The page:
The Kenyan cabinet is expected to approve the Waki Commission's report Thursday, paving the way for the creation of a special tribunal to try those behind the country's 2007 post-election violence. The Commission was named earlier this year to investigate the violence and killings that followed the controversial election.
The commission's chairman, Justice Phillip Waki, had recommended an International Criminal Court-type tribunal with foreign judges.
Executive director of Transparency International, Kenya Job Ogonba told VOA the political mood of the day in Kenya is that the cabinet will most likely approve a local tribunal within the framework of a truth and reconciliation commission.
"The reason being that the coalition government, by its definition, implies a compromise. Therefore a local tribunal is the likeliest avenue for that compromise than The Hague. However, Transparency International Kenya, its position is that if the compromise is such that justice does not seem to be served, then we will push hard for the implementation, to the letter and spirit of the Waki Commission report. If that be Hague then so be it," he said.
Ogonba said it is the hope of Transparency International Kenya that a truth and reconciliation commission would bring the perpetrators of the post-election violence to justice. However he said he was concerned that too much power to mete out justice could be abused.
"By its very definition, a crime against humanity deserves jurisprudence that is beyond my discretion or any other person's discretion. It means it has to be dealt with in certain way because it is a crime against humanity. If there are other crimes that do not qualify as crimes against humanity, then they can be dealt with in other ways that are defined by our own laws and by the tenets of the Truth, Justice and Reconciliation Commission that will be set up. My fear and the fears of a lot of Kenyans is that that avenue might be abused to circumvent the justice that is due to perpetrators of crimes against humanity," Ogonba said.
He said the proposed Truth, Justice and Reconciliation Commission of Kenya appears to have a mechanism in place to punish perpetrators who would be found guilty.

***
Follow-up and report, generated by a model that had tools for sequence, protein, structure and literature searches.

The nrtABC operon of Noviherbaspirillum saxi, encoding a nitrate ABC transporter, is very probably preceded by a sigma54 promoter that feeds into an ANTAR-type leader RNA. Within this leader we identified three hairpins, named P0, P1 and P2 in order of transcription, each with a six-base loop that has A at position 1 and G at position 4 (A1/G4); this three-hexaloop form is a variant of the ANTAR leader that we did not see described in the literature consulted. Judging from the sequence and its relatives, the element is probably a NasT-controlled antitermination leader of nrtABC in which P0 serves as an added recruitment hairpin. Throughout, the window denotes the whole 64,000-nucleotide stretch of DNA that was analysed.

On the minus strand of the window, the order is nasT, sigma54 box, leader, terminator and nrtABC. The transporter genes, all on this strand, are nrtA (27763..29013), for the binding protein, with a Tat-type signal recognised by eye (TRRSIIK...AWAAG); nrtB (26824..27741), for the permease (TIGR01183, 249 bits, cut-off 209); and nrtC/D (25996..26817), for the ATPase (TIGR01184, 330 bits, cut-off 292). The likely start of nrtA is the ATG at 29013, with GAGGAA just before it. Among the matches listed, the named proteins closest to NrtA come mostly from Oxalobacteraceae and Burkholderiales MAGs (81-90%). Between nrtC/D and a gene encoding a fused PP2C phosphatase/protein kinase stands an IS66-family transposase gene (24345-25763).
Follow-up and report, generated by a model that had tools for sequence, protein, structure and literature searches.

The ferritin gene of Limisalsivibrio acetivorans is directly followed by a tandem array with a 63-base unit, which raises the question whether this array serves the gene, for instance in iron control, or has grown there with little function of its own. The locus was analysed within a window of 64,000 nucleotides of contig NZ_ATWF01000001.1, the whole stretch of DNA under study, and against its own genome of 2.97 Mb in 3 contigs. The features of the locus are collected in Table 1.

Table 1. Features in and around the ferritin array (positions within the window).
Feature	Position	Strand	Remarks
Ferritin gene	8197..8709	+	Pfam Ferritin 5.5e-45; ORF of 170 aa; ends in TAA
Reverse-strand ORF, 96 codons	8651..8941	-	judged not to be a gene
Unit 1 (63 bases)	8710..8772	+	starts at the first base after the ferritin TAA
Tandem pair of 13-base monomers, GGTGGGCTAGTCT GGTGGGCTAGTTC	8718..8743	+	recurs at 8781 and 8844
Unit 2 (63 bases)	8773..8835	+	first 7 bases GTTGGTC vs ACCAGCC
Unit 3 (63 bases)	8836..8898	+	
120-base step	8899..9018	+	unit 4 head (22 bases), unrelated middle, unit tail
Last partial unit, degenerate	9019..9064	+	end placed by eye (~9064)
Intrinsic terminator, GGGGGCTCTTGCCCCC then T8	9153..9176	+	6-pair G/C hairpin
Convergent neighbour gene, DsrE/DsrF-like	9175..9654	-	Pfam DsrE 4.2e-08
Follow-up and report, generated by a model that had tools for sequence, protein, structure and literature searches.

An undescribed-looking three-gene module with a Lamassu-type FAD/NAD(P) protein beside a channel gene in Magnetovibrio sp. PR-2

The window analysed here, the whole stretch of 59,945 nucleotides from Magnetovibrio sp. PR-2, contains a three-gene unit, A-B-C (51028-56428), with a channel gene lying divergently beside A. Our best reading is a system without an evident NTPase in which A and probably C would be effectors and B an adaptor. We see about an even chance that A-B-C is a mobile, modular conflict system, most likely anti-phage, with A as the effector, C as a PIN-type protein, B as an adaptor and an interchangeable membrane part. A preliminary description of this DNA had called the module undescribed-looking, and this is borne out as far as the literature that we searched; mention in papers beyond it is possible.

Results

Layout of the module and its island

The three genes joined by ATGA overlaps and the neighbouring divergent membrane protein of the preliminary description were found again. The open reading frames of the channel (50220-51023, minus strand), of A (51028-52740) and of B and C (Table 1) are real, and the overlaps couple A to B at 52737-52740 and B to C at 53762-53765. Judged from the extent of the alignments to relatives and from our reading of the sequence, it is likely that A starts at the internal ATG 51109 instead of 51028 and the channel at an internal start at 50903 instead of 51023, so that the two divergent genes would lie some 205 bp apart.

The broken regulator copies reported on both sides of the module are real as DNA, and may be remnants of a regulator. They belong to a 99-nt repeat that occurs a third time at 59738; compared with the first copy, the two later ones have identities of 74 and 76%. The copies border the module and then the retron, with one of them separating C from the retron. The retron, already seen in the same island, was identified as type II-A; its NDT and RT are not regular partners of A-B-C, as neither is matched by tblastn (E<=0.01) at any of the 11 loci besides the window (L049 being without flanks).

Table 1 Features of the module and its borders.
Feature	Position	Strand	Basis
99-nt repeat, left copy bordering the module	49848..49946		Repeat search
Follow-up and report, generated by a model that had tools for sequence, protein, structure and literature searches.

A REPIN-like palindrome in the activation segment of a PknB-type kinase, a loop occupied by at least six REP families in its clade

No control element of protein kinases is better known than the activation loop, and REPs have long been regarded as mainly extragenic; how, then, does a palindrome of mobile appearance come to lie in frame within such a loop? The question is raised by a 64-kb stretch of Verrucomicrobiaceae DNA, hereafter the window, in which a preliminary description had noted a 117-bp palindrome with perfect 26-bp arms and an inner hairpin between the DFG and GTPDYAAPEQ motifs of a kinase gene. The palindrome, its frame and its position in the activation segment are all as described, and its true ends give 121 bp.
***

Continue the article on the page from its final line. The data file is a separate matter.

However, Ogonba said the commission should not have a broad discretion to pass judgment or mete out justice against perpetrators of crimes against humanity.
"The proponents of setting up such commission argue that if one does not truthfully and remorsefully confess to the crimes that one has committed, then that commission should have the powers to bring the full letter of the laws that exist, both national and international to bear on such a person. But then again that commission, in my opinion, should not have a broad discretion such that it can pass judgment or mete out justice on crimes against humanity," he said.
According to reports, if a tribunal was not in place by December 17, then names of post-election violence perpetrators which are in the possession of Chief Mediator and former UN Secretary General Kofi Annan, would be turned over to the ICC prosecutor in the Hague.
Giving that scenario, Ogonba said some cabinet members would prefer the local Truth, Justice and Reconciliation Commission than the ICC.
"If one analyzes closely the reports in the local media, it's possible discern that some of the members of the cabinet themselves have been mentioned in the Waki Report as having been perpetrators of the crimes that took place at the beginning of this year. If that be the case then they rather the Truth, Justice and Reconciliation Commission set up in Kenya than deal with the ICC," Ogonba said.